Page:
Screening for Type 1 Diabetes
You may remember today’s guest blogger Amanda Griswold from earlier this year, when she and her husband Brett shared with us their unusual love story. Today we’re lucky to have her back to talk about the couple’s decision to have their son screened for autoantibodies predictive of the development of Type 1 Diabetes through the research program TrialNet.
Since I’ve worked at Medtronic, diabetes has been a big part of my life. Not only have I had two roommates with diabetes, but four years ago, I met and fell in love with my now husband who was diagnosed with type 1 when he was nine years old. I can honestly say though, that diabetes was never quite as top of mind as when I got pregnant. Being the spouse of someone with diabetes, I immediately wondered if our soon to be child might also one day be subject to the autoimmune disease. When interviewing pediatricians one of my major questions was their experience with diabetes. So of course when my co-worker asked if I was going to put my son, Nathan, in TrialNet – an international network of researchers who are exploring ways to prevent, delay and reverse the progression of type 1 diabetes – I was eager to have the conversation.
If you’re unaware of TrialNet, it allows immediate blood family members to be screened for autoantibodies that are predictive of the development of type 1 diabetes. Having my son tested seemed like a logical choice since the chance of a child getting diabetes is higher when it’s the father who has type 1. But to be honest I had doubt. The biggest drawback for me, was putting my 12 month old child through the pain of having his blood drawn. Getting shots at the pediatrician was hard enough on me! I sat and wondered what kind of mom it made me to have him tested.
• Was I doing it for him or for myself?
• Would I do this each year?
• If he gets tested yearly, would he ever resent me or his Dad for making him go through the process?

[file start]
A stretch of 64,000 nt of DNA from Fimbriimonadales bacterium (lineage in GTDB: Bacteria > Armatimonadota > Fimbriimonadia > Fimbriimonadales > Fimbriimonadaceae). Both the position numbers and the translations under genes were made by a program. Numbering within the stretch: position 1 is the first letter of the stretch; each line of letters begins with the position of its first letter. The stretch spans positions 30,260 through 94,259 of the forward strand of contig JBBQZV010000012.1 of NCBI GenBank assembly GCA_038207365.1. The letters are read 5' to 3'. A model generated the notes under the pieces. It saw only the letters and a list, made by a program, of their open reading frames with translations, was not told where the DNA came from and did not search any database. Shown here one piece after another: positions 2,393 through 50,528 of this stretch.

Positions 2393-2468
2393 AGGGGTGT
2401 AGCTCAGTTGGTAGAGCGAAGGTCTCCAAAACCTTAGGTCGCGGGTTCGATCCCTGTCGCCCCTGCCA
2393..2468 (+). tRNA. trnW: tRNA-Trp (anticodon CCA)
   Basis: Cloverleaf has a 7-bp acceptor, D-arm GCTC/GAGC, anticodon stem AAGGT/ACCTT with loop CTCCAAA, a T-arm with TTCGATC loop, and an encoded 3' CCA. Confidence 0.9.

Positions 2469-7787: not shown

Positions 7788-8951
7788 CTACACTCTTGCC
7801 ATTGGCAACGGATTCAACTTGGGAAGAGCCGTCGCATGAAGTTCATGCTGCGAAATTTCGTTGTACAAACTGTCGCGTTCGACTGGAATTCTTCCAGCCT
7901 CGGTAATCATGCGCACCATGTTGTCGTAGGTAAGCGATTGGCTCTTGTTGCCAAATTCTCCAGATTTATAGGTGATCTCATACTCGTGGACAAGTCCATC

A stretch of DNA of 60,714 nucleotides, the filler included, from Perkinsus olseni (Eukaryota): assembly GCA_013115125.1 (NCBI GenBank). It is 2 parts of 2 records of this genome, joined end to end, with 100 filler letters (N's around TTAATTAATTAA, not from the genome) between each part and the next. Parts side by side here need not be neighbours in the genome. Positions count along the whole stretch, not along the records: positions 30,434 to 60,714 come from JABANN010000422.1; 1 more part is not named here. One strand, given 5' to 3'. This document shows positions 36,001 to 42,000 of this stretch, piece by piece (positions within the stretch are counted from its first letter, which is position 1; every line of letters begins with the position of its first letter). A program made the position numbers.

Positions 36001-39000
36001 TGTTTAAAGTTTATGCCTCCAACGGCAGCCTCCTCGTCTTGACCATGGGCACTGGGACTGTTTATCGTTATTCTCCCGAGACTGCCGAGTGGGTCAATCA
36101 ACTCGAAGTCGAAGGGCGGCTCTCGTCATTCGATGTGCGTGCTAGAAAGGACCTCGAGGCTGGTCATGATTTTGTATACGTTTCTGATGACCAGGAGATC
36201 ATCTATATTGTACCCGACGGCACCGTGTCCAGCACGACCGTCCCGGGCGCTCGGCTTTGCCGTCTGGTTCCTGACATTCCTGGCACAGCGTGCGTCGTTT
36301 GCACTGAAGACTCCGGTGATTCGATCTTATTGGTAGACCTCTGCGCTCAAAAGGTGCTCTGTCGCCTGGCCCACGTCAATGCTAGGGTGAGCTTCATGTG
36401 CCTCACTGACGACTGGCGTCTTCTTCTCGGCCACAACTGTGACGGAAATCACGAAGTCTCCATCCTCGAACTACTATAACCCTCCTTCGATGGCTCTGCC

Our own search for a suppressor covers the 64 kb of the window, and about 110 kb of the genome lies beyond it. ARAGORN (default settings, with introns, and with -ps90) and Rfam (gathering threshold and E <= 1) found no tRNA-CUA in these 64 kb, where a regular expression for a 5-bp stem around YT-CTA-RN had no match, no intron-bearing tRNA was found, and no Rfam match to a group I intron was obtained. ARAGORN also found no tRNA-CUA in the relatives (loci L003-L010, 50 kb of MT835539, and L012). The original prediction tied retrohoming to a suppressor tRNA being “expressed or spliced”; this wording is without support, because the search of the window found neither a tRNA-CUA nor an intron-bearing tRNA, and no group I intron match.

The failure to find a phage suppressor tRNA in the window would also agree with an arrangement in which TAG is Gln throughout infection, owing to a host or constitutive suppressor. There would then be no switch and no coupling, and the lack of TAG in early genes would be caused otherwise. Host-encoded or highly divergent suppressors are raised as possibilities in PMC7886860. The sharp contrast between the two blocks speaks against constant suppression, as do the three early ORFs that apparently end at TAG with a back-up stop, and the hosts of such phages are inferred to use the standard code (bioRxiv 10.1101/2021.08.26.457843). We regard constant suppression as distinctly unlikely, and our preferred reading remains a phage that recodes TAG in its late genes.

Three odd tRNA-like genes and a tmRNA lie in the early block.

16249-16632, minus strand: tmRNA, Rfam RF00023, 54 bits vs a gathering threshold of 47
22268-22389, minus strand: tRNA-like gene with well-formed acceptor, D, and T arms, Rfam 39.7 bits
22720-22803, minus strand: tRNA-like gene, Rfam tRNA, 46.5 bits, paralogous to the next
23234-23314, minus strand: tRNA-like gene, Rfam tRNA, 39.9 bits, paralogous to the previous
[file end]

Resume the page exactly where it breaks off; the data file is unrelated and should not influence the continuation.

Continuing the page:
• Was it fair to him to put him through this?
On top of questioning the pain and hassle the research might cause him, I also wondered what would really change if his antibodies came back positive. He has two parents who are pretty deeply involved with diabetes. His dad lives a very full life with type 1 and I know Nathan could too if he was ever diagnosed. So would knowing benefit any of us? Luckily for me, I have someone close to the research who I could reach out to for some advice – our Chief Medical Office, Dr. Francine Kaufman.
I went into my meeting with Dr. Kaufman more hesitant than I thought I would be. I had started talking myself out of putting Nathan in the trial. But, while Dr. Kaufman and I spoke she made one comment that completely changed my mind. By having my son tested we were helping the diabetes community with research. Hopefully, this research will eventually lead to a cure or even to a reason why people get diabetes, and one day maybe it could be prevented.
Shortly after Nathan turned one-year-old, we decided to take him to Children’s Hospital of Los Angeles. While driving down I could not stop thinking about my poor little guy’s reaction to a blood draw. Before being a parent I would not have thought it was a big deal, but now, being a mom, I realize that no parent wants to cause any additional pain for their child. Once we arrived, we filled out some paperwork and then a nurse came in to draw his blood. He of course cried the whole time and in my mind it took absolutely forever. Once we were done he continued to cry so he was given a bear to help calm him down. While the teddy bear worked, the second he noticed the band-aid on his arm, he began to cry again. Knowing my son, I advised that we needed to take the band-aid off and he’d stop crying. Of course it worked, and we were all done! Nathan was completely fine.
It took a few weeks but I did get Nathan’s results back – negative.
(Note: If the results had been positive, Nathan likely would have enrolled in the study which is aimed at preservation of islet cell function from early treatment. And, even though the results were negative, we can have him screened annually for the presence of the antibodies.)
It was definitely a sigh of relief to us. In addition to contributing to diabetes research by participating in the study, I’m also much less paranoid about Nathan having diabetes. Prior to the test I had asked my husband to test him at least a few times. Since we received the results back, I haven’t asked once. I’m not quite as concerned if he’s peeing a ton, drinking more water than normal or acting cranky.
In the end, I know that he could still develop diabetes even with the antibodies being negative, but for now I am a little less concerned. Can I guarantee that we’ll be back in March when Nathan turns 2? No – I still worry he’ll resent us for making him go through this process (even though it was quick and next time we could even have the kit shipped to our pediatrician’s office). But, I’d like to think that I’ll raise a son who will endure a little pain to help with research about a disease that affects his Dad (as well as millions of people around the world) each and every day.